So when I was approached by two successful (and famous) entrepreneurs to start this mobile commerce company together, I put aside my conviction for mission-driven startups and joined them. Why? The promise was a quick exit, the opportunity to make a name for myself, and to extend my runway with the liquidity event. I was afraid of failing, and this seemed like an easy and safe bet. I literally did the decision analysis to determine that this was the most likely path to a notable “TechCrunch” exit (just writing that makes me cringe) .
Any seasoned entrepreneur will tell you that if you want to make money, don’t start a company. You should start a company if you can’t sleep at night because there’s a problem you can’t stop thinking about. You should start a company if you’ve literally been brought to tears by talking to your customers. If you don’t have that level of empathy and commitment, why bother? How long do you expect to have energy to work on this problem?
Randy Komisar, who I mentioned earlier, writes extensively about this topic in The Monk and the Riddle.
“In Deferred Life Plan there will always be another prize to covet, another distraction, a new hunger to sate. You will forever come up short. Work hard, work passionately, but apply your most precious asset-time-to what is most meaningful to you. What are you willing to do for the rest of your life? That question would be absurd, given the inevitability of change. No, what the question really asks is, if your life were to end suddenly and unexpectedly tomorrow, would you be able to say you’ve been doing what you truly care about today? What would you be willing to do for the rest of you life? What would it take to do it right now? “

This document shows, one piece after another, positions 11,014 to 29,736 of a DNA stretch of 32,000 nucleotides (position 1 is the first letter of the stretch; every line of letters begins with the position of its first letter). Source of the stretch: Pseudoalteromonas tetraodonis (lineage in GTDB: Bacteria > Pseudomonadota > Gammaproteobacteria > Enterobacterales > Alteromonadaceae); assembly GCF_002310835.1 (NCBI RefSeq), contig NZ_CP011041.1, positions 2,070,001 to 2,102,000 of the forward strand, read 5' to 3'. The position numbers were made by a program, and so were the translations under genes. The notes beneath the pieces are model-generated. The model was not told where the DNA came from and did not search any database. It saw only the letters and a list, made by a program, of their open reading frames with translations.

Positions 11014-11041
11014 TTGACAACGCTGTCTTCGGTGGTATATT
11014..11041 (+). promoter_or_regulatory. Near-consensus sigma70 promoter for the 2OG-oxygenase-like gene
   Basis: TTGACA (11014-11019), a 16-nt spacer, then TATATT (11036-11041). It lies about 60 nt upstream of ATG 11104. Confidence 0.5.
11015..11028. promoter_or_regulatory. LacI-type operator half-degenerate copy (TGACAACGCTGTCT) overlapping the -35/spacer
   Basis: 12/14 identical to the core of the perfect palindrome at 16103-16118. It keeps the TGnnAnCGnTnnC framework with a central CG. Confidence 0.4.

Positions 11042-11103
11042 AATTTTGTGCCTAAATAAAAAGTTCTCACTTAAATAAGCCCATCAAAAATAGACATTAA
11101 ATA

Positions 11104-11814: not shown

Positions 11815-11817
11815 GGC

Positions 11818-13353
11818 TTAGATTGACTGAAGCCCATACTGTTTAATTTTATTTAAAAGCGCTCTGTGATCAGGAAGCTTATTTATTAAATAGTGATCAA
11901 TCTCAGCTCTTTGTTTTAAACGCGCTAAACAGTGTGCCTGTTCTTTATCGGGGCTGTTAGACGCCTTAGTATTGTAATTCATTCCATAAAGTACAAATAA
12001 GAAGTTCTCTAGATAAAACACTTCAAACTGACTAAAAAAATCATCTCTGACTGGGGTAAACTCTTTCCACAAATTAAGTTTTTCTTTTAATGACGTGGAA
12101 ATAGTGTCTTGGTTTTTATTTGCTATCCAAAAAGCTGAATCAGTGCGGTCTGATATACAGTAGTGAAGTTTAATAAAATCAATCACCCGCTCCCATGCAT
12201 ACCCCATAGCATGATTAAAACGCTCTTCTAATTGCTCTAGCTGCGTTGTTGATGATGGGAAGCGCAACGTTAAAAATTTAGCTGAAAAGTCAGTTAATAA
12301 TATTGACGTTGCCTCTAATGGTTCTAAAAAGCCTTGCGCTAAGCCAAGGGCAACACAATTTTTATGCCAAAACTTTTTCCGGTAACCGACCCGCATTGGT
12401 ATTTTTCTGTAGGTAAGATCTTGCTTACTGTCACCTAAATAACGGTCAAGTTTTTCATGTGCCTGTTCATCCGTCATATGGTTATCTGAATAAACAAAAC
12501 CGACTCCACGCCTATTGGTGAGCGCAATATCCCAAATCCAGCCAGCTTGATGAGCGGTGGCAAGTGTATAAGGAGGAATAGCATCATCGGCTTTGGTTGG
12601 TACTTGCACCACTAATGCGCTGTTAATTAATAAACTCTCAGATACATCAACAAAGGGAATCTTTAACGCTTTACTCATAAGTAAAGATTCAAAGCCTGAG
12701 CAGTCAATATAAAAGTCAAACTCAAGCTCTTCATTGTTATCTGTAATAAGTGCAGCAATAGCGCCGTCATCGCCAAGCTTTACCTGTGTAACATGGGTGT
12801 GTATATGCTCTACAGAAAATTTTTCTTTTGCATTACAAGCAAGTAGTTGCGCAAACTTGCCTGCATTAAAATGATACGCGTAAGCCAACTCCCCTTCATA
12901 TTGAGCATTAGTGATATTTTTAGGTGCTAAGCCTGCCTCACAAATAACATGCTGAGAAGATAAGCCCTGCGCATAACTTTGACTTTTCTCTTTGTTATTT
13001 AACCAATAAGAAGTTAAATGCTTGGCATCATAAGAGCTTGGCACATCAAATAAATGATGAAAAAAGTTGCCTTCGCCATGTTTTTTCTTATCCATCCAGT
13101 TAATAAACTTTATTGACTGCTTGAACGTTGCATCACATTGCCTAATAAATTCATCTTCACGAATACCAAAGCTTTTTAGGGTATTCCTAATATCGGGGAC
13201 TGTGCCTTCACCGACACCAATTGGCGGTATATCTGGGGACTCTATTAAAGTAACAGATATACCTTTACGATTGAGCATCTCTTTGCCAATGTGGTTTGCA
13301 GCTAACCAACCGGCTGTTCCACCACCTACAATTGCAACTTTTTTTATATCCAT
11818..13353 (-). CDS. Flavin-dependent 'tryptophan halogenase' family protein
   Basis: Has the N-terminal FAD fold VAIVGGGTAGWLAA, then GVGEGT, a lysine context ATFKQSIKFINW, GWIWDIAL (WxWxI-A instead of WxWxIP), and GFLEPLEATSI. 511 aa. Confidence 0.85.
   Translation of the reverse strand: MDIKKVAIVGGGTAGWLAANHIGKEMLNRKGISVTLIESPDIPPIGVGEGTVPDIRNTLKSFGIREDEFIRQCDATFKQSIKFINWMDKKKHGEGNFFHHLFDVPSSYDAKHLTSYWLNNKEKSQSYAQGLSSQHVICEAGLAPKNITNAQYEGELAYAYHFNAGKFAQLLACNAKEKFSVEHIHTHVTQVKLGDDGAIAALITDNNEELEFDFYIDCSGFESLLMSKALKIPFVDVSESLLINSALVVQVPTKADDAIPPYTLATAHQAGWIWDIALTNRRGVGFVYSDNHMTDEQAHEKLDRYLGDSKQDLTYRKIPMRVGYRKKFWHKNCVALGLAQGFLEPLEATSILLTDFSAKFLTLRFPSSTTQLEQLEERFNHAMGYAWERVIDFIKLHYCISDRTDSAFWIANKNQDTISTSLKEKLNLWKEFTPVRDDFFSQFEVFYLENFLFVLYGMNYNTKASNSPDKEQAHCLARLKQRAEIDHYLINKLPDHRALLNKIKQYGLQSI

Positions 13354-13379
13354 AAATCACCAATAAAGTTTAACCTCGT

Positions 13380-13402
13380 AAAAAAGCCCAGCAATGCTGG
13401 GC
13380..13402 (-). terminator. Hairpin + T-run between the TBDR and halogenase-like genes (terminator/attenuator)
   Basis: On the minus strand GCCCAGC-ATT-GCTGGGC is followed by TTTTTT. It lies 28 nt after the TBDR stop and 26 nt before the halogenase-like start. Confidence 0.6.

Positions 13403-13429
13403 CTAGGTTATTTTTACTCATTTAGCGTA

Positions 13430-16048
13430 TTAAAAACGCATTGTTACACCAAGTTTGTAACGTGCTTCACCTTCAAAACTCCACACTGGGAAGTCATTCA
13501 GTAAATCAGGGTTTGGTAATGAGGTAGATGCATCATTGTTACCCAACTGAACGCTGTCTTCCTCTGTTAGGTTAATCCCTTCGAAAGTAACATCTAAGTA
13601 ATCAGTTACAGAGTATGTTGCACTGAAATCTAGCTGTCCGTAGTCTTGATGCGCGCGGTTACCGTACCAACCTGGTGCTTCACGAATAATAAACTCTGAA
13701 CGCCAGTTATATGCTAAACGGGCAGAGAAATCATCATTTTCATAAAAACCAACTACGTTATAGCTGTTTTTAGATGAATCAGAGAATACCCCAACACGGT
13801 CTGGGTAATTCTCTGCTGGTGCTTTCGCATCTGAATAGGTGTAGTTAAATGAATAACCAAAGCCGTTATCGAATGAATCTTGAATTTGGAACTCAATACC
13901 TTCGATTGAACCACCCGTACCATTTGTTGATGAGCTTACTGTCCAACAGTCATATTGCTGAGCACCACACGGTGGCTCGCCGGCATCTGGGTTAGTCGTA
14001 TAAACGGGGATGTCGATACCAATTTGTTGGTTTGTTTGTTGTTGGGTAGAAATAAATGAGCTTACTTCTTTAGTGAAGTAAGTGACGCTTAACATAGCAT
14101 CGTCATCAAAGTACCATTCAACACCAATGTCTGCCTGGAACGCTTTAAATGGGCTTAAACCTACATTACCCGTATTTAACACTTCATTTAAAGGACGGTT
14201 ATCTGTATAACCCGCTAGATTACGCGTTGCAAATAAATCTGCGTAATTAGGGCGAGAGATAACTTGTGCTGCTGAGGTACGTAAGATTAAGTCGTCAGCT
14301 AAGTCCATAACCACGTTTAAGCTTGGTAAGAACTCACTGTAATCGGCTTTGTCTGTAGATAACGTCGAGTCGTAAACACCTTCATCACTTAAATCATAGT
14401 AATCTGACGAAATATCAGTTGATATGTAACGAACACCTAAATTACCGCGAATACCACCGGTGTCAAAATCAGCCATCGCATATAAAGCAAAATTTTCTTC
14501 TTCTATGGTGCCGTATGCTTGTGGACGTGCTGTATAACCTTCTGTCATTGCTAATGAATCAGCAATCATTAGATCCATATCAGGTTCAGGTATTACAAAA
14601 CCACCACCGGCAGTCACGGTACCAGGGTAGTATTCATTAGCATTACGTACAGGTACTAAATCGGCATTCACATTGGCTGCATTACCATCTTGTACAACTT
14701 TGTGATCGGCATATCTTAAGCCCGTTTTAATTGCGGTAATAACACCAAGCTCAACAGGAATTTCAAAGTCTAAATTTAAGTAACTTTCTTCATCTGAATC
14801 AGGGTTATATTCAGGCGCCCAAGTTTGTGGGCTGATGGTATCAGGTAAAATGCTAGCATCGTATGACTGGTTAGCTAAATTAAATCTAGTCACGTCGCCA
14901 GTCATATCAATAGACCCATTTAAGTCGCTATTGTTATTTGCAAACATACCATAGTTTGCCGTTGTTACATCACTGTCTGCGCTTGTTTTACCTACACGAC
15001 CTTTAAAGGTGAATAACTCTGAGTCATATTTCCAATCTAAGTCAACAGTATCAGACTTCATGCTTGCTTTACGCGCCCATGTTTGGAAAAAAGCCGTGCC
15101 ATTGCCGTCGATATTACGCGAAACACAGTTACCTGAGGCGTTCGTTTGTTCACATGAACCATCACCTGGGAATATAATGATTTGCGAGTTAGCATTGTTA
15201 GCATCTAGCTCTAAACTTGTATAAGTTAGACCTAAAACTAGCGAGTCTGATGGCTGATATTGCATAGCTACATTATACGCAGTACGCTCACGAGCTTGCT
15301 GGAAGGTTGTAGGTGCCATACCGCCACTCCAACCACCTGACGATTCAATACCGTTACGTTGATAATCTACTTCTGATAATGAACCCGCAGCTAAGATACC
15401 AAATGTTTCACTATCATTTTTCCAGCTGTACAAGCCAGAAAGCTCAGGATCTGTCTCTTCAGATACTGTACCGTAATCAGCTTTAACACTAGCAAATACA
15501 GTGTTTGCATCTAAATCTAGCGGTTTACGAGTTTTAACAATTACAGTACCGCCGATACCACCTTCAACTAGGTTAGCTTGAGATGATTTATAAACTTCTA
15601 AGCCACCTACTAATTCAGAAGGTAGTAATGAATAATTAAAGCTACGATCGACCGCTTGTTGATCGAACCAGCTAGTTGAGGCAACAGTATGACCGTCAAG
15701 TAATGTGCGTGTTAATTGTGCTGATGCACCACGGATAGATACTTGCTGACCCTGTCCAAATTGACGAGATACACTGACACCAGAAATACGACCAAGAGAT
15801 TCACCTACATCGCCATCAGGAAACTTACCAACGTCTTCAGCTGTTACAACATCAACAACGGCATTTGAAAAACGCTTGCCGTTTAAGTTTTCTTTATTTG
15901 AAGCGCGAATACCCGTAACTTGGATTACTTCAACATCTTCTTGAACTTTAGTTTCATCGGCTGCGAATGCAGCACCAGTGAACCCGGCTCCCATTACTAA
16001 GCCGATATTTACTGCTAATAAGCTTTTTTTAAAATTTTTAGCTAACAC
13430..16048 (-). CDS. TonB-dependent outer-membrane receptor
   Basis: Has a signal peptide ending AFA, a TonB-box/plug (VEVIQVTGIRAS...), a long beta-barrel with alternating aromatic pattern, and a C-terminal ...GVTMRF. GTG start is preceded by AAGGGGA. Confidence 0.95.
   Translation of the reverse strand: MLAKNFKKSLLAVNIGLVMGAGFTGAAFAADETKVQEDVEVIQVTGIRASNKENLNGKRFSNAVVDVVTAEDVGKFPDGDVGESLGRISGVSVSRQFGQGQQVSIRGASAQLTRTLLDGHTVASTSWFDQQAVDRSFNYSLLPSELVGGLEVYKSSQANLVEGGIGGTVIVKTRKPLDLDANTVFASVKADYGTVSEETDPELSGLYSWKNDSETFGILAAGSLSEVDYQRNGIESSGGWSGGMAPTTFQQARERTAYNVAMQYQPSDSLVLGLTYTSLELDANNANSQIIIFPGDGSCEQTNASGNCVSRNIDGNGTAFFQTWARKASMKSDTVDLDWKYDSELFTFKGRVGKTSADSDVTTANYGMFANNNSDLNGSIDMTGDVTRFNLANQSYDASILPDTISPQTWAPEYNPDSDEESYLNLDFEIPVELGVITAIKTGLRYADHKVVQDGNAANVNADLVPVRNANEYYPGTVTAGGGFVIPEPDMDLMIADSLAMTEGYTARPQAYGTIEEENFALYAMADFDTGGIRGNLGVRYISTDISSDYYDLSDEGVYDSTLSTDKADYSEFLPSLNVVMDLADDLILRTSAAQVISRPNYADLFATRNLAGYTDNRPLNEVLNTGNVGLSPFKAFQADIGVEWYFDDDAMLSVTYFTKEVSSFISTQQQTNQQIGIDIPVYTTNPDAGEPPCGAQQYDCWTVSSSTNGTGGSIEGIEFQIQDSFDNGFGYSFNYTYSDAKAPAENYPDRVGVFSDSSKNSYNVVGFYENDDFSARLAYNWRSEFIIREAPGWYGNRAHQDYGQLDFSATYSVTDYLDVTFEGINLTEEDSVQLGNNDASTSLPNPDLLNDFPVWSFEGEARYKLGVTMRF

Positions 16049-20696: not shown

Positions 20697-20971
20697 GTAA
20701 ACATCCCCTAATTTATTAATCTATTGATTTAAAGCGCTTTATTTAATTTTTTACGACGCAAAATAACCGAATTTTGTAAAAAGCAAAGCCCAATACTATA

On top of that, it’s exponentially harder to start a company that you’re not truly passionate about. I imagine it’s like marrying someone you’re not in love with.
There’s a reason why many investment bankers hate their lives. They do their work for the money (I know from experience – I spent six months as a banker and it is literally the main reason why most people are there). Doing work for money, especially when you have passions and interests in something bigger, is the most soul-sucking and demoralizing thing you can do. As Gary Vaynerchuck says in his phenomenal talk, “Do what you love, no excuses.”
Being stuck in this “trance of fear” meant that I couldn’t even identify the reason why I was so unhappy. I knew that I was powerfully unhappy, that something was wrong, but I was powerless to do anything about it.
It took a piercing question from my girlfriend to wake me from that trance. I knew I was working on a startup where I had no empathy for my users and had no passion for the space or the problems we were solving, and I knew that was wrong. But what I had to realize was that I didn’t need to do that.
That revelation liberated me. The next day, I talked with my co-founders and transitioned out of the company over the next 4 weeks.
Some people asked “What if the company gets bought? Don’t you feel like you’re giving up all that money?” The truth is, I wasn’t giving up anything – I was buying my life back.
Am I really happy with what I am doing ?